By Pauline Hice, Director, Think Wild and McKenzie Joslin-Snyder, Wildlife Rehabilitator, Portland Audubon
Banding of rescued or rehabbed birds provides the opportunity to gain survival and movement data on that subset of birds. The info is logged with the Bird Banding Lab and is available to any researcher who wants to look at survival of rehabbed vs "normal" wild birds. This is dependent on banded birds being encountered alive or recovered dead and the band number or color marker being reported to the banding lab. Anyone who spots a bird with a federal band can participate in the scientific process by reporting it to www.reportband.gov. One of the benefits of working within a rehabilitation setting is that since the bird is already in-hand there is little additional stress involved in placing a band during the course of treatment. Eagles are good candidates for banding because they are big enough that their leg bands are easily seen. Under ideal conditions, the band numbers may be read through a spotting scope on a perched bird so you don’t have to wait until the bird becomes injured or dies to receive reports of the animal in question. Continue reading to find out about a few of the eagles released with bands from rehabilitation clinics in Oregon within the last year.
An adult male Golden eagle was admitted to Think Wild on May 14th, 2021. The eagle had sustained a left ulna fracture and a soft tissue injury to the left shoulder. After a countless number of physical therapy sessions, laser therapy, a CT scan, and months of flight training the eagle was finally released back into the wild on 12/6/2021. The eagle had a federal band attached, radio-tagged, and will be tracked for a U.S. Fish and Wildlife Service conservation research program that aims to analyze the success and survival rate of Golden eagles post-rehabilitation and release. He is the 14th eagle to be tracked as part of the program, and the 4th from the Pacific Northwest.
BAEA 21-3616 & 21-3828
Two juvenile Bald Eagles were admitted to the Portland Audubon Wildlife Care Center shortly after the July 2021 heatwave that adversely affected most of the wildlife in Oregon. Although the two were not siblings, they were close enough in age to be co-housed throughout much of their stay at the center. The first had signs of trauma to the left side of its body, including a wrist swelling, and a fractured talon. The second bird was recovered a few weeks later, and was very thin, dehydrated, and anemic. After their problems had been successfully treated, the two Eagles were housed together in a large flight cage. There, presented with a variety of forage options and plenty of room to fly, they took the time necessary to grow and ready themselves for life in the wild. Rehabilitators at Portland Audubon released the two banded Bald Eagles during the fall of 2021. Working with with federally licensed Master Bander Carolle Hallet, Portland Audubon has released several banded Bald Eagles over the years which have later been reported in the wild. These sightings have ranged from a matter of weeks to 7 years after release.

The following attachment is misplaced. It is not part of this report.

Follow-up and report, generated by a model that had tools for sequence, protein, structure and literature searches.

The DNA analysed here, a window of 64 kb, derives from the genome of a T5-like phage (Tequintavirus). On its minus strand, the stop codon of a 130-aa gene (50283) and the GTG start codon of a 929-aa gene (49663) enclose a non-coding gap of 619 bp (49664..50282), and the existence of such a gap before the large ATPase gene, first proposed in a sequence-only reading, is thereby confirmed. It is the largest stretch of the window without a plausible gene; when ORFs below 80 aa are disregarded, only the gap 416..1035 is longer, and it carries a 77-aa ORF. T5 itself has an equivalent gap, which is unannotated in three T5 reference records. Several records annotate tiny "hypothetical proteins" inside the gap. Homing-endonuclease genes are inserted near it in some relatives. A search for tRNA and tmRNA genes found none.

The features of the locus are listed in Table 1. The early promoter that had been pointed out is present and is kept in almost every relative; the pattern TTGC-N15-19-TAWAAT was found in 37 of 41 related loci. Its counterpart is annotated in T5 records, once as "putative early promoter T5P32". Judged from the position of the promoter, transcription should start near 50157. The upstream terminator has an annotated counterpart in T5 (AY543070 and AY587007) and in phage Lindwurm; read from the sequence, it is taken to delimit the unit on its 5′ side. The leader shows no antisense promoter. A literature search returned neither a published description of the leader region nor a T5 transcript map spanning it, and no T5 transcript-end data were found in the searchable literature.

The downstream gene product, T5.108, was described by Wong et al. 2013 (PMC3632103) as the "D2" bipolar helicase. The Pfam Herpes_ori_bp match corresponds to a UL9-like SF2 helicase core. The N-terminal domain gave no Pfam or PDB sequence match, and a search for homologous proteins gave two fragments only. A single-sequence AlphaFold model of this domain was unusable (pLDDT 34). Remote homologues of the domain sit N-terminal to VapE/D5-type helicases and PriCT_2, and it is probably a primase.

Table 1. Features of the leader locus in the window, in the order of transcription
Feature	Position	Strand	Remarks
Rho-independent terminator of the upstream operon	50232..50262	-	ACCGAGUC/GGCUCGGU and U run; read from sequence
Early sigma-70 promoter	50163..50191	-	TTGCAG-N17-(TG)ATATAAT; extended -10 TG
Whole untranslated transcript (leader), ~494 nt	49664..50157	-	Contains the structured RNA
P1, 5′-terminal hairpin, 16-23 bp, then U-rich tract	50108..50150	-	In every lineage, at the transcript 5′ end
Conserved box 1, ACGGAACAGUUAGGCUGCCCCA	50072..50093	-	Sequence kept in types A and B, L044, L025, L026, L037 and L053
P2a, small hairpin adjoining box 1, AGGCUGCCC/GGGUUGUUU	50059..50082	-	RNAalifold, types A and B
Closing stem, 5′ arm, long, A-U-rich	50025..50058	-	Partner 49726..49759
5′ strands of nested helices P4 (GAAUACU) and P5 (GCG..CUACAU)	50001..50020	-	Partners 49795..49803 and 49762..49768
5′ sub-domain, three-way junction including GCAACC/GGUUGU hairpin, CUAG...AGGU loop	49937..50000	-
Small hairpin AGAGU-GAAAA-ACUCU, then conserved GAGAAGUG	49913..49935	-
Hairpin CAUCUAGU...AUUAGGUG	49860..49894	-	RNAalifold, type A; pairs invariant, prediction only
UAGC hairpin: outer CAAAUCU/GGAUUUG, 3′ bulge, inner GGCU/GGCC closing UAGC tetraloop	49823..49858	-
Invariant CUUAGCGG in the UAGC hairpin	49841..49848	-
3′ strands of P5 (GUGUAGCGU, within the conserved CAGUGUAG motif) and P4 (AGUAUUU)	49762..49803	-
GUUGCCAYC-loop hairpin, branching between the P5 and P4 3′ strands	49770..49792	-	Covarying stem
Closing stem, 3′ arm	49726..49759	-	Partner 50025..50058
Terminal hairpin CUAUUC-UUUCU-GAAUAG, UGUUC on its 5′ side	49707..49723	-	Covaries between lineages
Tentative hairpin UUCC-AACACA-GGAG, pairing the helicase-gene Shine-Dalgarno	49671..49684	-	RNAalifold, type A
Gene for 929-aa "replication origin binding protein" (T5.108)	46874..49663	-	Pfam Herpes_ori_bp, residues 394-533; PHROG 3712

Think Wild received an adult female Golden eagle on November 18, 2021 after a passerby found her slumped under a tree, unable to stand or fly with blood in and around the nostrils. The eagle had a federal band and was at least 10 years old, according to banding data. Upon intake, the eagle tested positive for lead(Pb) toxicity at 49.5 micrograms per deciliter (ug/dL), nearly five times what is considered subclinical in wild raptors (10 ug/dL). After one round of chelation therapy, the eagle’s blood Pb levels dropped below subclinical. To ensure Pb was still not leaching into the eagle’s body, Think Wild tested again 2 weeks later. Luckily the blood Pb levels were still subclinical and had not risen, deeming the eagle as releasable. The eagle did not sustain any permanent deficits due to its acute toxicity. The female Golden eagle will be radio-tagged and tracked for a U.S. Fish and Wildlife Service conservation research program that aims to analyze the success and survival rate of Golden Eagles post-rehabilitation and release. She will be the 15th eagle to be tracked as part of the program, and the 5th from the Pacific Northwest.